Because fracking consumes a huge amount of water, Western
Canada Wilderness Committee (WCWC) and the Sierra Club of
B.C. recently challenged how the B.C. government grants water
use approvals to oil and gas companies. The government gives a
series of short term approvals for fracking, frequently renewed,
without regulating the cumulative water taking of an entire
At issue was the interpretation of s. 8 of the Act and,
specifically, whether the provincial oil and gas commission (OGC)
was abusing the power to grant consecutive short-term approvals in
lieu of longer licenses which theoretically require greater
Section 8(1) states:
If a diversion or use of water is required for a term not
exceeding 24 months, the comptroller or a regional water manager
may, on application, without issuing a licence, grant an approval
in writing, approving the diversion or use, or both, of the water
on the conditions the comptroller or regional water manager
The Court pointed out that oil and gas companies "use"
less than 1% of all surface water allocated for use in B.C. and
that hydro power is allocated greater than 90% of all such
approvals. WCWC, supra at para. 16. Oil and gas operators typically
require water use for geophysical exploration, drilling, winter
road construction, well drilling and the testing of pipelines, for
example. The Court also cited statistics from 2012 that show
approvals for fracking were actually on a downward trend compared
to 2009. Moreover, the OGC has developed policies regarding
short-term approvals for fracking; such approvals are generally not
permitted beyond 12 months even though the maximum length possible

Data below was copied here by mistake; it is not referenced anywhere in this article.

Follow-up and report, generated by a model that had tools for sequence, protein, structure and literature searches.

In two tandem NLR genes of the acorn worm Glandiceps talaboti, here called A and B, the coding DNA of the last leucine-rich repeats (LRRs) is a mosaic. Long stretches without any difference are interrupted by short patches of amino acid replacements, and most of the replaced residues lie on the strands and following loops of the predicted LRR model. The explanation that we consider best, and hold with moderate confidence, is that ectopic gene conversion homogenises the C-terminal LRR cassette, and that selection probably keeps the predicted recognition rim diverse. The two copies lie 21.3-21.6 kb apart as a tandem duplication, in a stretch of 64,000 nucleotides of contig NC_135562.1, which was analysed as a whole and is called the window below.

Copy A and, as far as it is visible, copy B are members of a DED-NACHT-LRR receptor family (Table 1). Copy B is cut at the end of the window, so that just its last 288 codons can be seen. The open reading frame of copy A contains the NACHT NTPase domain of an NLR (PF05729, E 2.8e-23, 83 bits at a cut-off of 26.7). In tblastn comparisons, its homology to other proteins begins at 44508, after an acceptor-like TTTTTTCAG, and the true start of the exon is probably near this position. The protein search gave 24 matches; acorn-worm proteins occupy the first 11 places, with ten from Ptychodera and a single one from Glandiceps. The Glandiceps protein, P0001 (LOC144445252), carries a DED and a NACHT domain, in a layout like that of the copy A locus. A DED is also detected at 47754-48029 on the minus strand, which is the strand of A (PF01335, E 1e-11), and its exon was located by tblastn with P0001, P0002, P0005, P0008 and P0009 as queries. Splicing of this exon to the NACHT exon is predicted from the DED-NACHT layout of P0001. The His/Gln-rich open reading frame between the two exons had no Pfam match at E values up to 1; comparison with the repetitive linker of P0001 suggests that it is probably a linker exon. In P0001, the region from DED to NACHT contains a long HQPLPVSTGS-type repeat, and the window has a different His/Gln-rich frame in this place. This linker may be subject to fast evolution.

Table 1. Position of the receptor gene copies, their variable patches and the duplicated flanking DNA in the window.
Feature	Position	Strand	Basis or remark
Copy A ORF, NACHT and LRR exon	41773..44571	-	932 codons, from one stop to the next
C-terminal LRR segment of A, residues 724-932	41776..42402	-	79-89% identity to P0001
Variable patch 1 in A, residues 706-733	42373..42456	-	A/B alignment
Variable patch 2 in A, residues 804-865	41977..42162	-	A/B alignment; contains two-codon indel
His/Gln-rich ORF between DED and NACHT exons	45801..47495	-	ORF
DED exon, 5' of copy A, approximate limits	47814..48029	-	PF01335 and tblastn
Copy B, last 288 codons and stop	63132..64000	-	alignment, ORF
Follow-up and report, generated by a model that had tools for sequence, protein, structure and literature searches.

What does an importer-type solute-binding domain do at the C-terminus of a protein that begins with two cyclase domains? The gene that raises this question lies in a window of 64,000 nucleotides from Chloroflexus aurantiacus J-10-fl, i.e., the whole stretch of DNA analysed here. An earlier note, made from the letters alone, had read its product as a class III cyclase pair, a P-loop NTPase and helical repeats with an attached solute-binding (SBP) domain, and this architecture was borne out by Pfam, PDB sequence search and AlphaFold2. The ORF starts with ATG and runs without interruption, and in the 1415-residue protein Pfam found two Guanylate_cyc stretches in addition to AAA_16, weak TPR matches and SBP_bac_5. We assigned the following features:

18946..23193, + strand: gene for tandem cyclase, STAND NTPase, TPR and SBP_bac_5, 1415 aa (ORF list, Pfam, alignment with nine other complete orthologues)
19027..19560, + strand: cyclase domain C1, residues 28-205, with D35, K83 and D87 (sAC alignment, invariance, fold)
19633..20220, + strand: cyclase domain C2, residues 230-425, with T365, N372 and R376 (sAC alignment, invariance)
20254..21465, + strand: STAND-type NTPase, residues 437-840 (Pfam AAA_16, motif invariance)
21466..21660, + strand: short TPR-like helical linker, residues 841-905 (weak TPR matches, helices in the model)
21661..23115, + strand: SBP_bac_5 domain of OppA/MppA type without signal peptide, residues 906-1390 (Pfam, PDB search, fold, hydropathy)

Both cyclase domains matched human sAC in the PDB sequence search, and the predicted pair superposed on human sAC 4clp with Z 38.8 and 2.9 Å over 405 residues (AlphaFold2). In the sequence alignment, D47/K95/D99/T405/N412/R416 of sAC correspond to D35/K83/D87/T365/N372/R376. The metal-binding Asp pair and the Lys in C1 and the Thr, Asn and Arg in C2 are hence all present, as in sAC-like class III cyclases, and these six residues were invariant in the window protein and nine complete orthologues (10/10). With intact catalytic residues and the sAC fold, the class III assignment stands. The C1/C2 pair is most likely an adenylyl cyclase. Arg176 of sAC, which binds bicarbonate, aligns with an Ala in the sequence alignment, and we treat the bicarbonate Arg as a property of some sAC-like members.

under the statute was recently amended from 12 to 24 months.
Policy and practice aside, in answer to the legislative
interpretation question, the Court held that:
 On a plain reading of ...[the] Act, in context with the
scheme of the Act, the object of the Act, and the intention of the
legislature, there is simply no prohibition relating to consecutive
short-term water use approvals or even recurrent approvals lasting
in total in excess of 24 months....
 While s. 8 of the Water Act refers specifically to a
"term not exceeding 24 months", there is no basis upon
which to infer an intention to prevent someone who had received the
same type of approval from re-applying for the same or similar
permission. From a public policy perspective, it is difficult to
discern any difference between this situation and that where a
completely different party may come along and apply for the same or
a similar approval. In either case, ... the Commission ha[s] the
statutory authority to consider the application and make a decision
based on the present information before them.
 If the intention of the legislature was as is contended by
the Petitioners, then it could have easily specified "one
term" or even "multiple terms not exceeding 24
 Where the language of the legislation is clear and
unequivocal, the court should not read-in a prohibition against
recurrent approvals [other citations omitted].
The Court also referred to the legislative history, for the
amendments which came into effect in 2013 lengthening the period of
short-term allowances from 12 to 24 months, and cited then Minister
of Environment, Barry Penner, as stating the purpose of the
amendments was to "reduce the 'administrative burden'
being placed on the ministry, not to prohibit the existing practice
of 'rolling over' the approvals." Id. at
Ultimately, the Court suggested that the concerns of the
petitioners were overblown:
 .... While I agree that short-term approvals were not
intended to provide long term water rights, that does not foreclose
the ability of a person to apply for and obtain a series of short
term approvals, which, again, are all granted pursuant to fresh or
new applications that are reviewed and assessed ... on a de novo
basis each time. In that way, while perhaps not as extensive as
those in relation to a licence, it is the case that there are also
"checks and balances" in the s. 8 approval
...There is nothing to indicate that previous holders of s.
8 approvals are somehow "grandfathered" or favoured in
respect of any application for a new s. 8 approval.
WCWC and the Sierra Club were represented by Ecojustice.
Just days before the case was heard in court, the B.C. government
introduced its new Water Sustainability Act, which
Ecojustice says is targeted precisely to address the
point of the lawsuit, i.e., to expressly legitimize consecutive
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